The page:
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Shingle Oak

Quercus imbricaria

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Shingle Oak (Quercus imbricaria) at Snavely's Garden Corner

Shingle Oak

Shingle Oak

(Photo courtesy of NetPS Plant Finder)

Shingle Oak (Quercus imbricaria) at Snavely's Garden Corner

Shingle Oak foliage

Shingle Oak foliage

(Photo courtesy of NetPS Plant Finder)

Height:  60 feet

Spread:  60 feet

Sunlight:  full sun 

Hardiness Zone:  4a

Other Names:  Laurel Oak

Description:

A beautiful and rugged shade tree with a broad, rounded habit of growth and rather non-oak-like leaves, best for larger landscapes where it has ample room to grow; strong and adaptable, prefers loose, acidic soils but quite tolerant

Ornamental Features

Shingle Oak has dark green foliage which emerges red in spring. The glossy narrow leaves turn coppery-bronze in fall. Neither the flowers nor the fruit are ornamentally significant. However, the fruit can be messy in the landscape and may require occasional clean-up.

Landscape Attributes

Shingle Oak is a deciduous tree with a more or less rounded form. Its average texture blends into the landscape, but can be balanced by one or two finer or coarser trees or shrubs for an effective composition.

This tree will require occasional maintenance and upkeep, and is best pruned in late winter once the threat of extreme cold has passed. It is a good choice for attracting squirrels to your yard. Gardeners should be aware of the following characteristic(s) that may warrant special consideration;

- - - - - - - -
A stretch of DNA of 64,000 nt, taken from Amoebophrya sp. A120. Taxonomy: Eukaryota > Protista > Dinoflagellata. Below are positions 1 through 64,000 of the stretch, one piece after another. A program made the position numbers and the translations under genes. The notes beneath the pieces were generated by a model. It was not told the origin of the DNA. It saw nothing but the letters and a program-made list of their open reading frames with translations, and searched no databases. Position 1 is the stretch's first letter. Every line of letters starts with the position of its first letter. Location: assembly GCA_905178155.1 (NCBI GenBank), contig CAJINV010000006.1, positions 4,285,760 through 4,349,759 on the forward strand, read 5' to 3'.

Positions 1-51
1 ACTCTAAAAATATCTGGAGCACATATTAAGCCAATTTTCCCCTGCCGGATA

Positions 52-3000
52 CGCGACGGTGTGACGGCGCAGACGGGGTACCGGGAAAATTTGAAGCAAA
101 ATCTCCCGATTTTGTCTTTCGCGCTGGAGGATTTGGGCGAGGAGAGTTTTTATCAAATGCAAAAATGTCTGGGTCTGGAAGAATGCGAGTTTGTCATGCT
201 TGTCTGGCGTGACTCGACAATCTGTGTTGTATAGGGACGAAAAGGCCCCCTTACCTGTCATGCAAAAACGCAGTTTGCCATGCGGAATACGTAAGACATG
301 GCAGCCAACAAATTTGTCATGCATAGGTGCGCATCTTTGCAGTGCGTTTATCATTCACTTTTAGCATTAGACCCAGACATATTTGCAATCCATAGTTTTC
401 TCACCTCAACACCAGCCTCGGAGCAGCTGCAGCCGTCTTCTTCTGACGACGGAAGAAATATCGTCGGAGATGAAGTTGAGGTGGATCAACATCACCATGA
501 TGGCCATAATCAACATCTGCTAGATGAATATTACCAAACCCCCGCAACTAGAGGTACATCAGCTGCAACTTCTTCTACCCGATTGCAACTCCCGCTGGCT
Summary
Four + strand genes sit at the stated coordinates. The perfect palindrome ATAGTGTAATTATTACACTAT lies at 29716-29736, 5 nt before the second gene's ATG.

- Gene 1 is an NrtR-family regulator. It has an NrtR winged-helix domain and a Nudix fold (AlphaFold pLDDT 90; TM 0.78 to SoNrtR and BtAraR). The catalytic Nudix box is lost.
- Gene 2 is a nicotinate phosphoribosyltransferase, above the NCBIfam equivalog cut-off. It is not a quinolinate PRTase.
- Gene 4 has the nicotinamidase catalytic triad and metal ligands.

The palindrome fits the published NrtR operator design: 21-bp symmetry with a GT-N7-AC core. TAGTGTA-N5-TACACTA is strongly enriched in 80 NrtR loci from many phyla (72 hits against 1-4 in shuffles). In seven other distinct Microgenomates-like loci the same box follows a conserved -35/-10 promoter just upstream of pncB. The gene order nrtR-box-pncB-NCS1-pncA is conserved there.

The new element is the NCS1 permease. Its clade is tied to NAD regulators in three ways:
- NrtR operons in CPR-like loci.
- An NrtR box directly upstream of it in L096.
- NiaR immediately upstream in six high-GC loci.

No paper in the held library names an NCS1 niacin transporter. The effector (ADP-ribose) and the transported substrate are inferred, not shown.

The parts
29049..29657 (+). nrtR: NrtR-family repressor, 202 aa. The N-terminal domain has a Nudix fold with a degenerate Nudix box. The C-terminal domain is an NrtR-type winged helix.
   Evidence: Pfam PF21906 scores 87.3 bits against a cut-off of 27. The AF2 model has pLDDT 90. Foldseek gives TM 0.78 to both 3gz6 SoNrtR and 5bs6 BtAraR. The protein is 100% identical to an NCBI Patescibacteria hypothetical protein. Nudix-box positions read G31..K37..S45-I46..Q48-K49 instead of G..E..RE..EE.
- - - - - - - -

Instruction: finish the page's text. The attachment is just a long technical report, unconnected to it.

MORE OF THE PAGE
• Messy

Shingle Oak is recommended for the following landscape applications;

  • Shade

Planting & Growing

Shingle Oak will grow to be about 60 feet tall at maturity, with a spread of 60 feet. It has a high canopy of foliage that sits well above the ground, and should not be planted underneath power lines. As it matures, the lower branches of this tree can be strategically removed to create a high enough canopy to support unobstructed human traffic underneath. It grows at a slow rate, and under ideal conditions can be expected to live to a ripe old age of 300 years or more; think of this as a heritage tree for future generations!

This tree should only be grown in full sunlight. It is very adaptable to both dry and moist locations, and should do just fine under average home landscape conditions. It is not particular as to soil type, but has a definite preference for acidic soils, and is subject to chlorosis (yellowing) of the leaves in alkaline soils. It is quite intolerant of urban pollution, therefore inner city or urban streetside plantings are best avoided. This species is native to parts of North America.

 
 
Hardiness Zone Plant Height Minimum Sunlight Soil pH Preference
Characteristics
Shade 
Applications
Winter Value  Attracts Wildlife 
Ornamental Features

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